Night fell too soon upon the marble-like monument as I stood facing the nose of a huge granite marker in the center of the median.
There was a light drizzle of rain. I was worried that the dampness might cause the cigar-box size GE tape recorder to fail me.
Glancing back to the parked car, where my wife, Rachael, and daughter, Laura, waited, I indulged myself with the thought that this spot has not changed since the first time I stood beneath the mute, tropical palm trees; they were still here, stately, lining the blocked-off patches of green grass interlaced with azaleas.
That was back then, about 1940, maybe 1941; we'd just moved to Savannah. The palms look the same now as then, solemnly peaceful in the cool mist, as the dim sunlight fingered its way through their sheltering arms. They offered a soothing moment of silence. Time stood still. Nothing else mattered, as I began to read the words on the monument:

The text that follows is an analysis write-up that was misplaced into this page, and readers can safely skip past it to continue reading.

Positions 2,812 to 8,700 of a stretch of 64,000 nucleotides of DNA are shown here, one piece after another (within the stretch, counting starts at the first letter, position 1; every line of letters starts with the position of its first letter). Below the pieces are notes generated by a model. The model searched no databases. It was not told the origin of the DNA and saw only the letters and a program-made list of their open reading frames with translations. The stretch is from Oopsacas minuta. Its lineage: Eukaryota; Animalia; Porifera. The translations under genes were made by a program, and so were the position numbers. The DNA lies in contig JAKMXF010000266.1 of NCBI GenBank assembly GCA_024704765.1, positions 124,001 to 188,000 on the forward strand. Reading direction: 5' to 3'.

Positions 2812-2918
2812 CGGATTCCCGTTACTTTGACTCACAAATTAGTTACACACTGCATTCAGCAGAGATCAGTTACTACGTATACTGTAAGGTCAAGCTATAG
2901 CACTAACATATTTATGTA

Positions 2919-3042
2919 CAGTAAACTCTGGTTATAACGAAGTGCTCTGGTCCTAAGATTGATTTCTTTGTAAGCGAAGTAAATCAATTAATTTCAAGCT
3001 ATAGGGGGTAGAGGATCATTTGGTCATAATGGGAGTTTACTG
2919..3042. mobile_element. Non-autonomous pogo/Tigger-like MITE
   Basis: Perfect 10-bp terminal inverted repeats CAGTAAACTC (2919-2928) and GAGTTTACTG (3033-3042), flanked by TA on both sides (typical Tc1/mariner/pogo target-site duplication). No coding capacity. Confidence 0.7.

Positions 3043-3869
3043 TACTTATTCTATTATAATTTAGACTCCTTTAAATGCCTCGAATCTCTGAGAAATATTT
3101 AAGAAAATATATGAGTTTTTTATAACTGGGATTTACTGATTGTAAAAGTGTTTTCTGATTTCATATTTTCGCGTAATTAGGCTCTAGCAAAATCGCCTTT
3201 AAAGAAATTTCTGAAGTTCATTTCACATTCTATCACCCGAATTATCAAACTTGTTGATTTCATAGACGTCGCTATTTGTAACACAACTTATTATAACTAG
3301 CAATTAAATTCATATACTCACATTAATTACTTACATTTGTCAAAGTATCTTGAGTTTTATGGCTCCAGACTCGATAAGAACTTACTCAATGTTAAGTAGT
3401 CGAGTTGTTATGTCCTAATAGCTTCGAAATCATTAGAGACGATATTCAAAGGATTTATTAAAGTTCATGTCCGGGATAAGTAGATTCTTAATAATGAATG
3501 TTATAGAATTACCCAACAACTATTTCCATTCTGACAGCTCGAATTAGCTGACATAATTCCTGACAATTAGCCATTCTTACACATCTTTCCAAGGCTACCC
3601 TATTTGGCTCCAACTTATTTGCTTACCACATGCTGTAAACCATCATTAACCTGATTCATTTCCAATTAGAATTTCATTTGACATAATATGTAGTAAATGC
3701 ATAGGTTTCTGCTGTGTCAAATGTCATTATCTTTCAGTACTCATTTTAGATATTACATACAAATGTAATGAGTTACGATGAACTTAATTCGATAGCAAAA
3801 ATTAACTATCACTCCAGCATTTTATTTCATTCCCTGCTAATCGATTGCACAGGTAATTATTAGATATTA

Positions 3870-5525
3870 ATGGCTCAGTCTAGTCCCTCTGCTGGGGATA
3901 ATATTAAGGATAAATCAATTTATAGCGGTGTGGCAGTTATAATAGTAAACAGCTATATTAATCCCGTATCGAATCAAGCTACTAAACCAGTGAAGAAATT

"ROLL OF HONOR 1914 1918. These palmetto trees were planted and the table erected by the Savannah Women's Federation in living honor of the soldiers, sailors, and marines, of Chatham County who died in the Great War for the cause of world Liberty."
The monument lists regular soldiers, beginning with David Gordon Allen and ending with Daniel M. Van Sicke and then a list of black soldiers, beginning with David Atkin and ending with Michael Zisker.
Appearing at a prominent place on the granite are these simple words:
"They do not die who serve humanity."
The base of the table was given by the Chatham Post Number 36, American Legion, April 26, 1929, in memory of their comrades who fell during World War I.
How delighted I was to record these words. Later I learned that Victory Drive, the street where I stood, was actually constructed as a permanent memorial to Savannah's soldiers who served in World War I. It leads all the way to Thunderbolt and stretches out to Tybee Island.
It is the world's longest palm drive.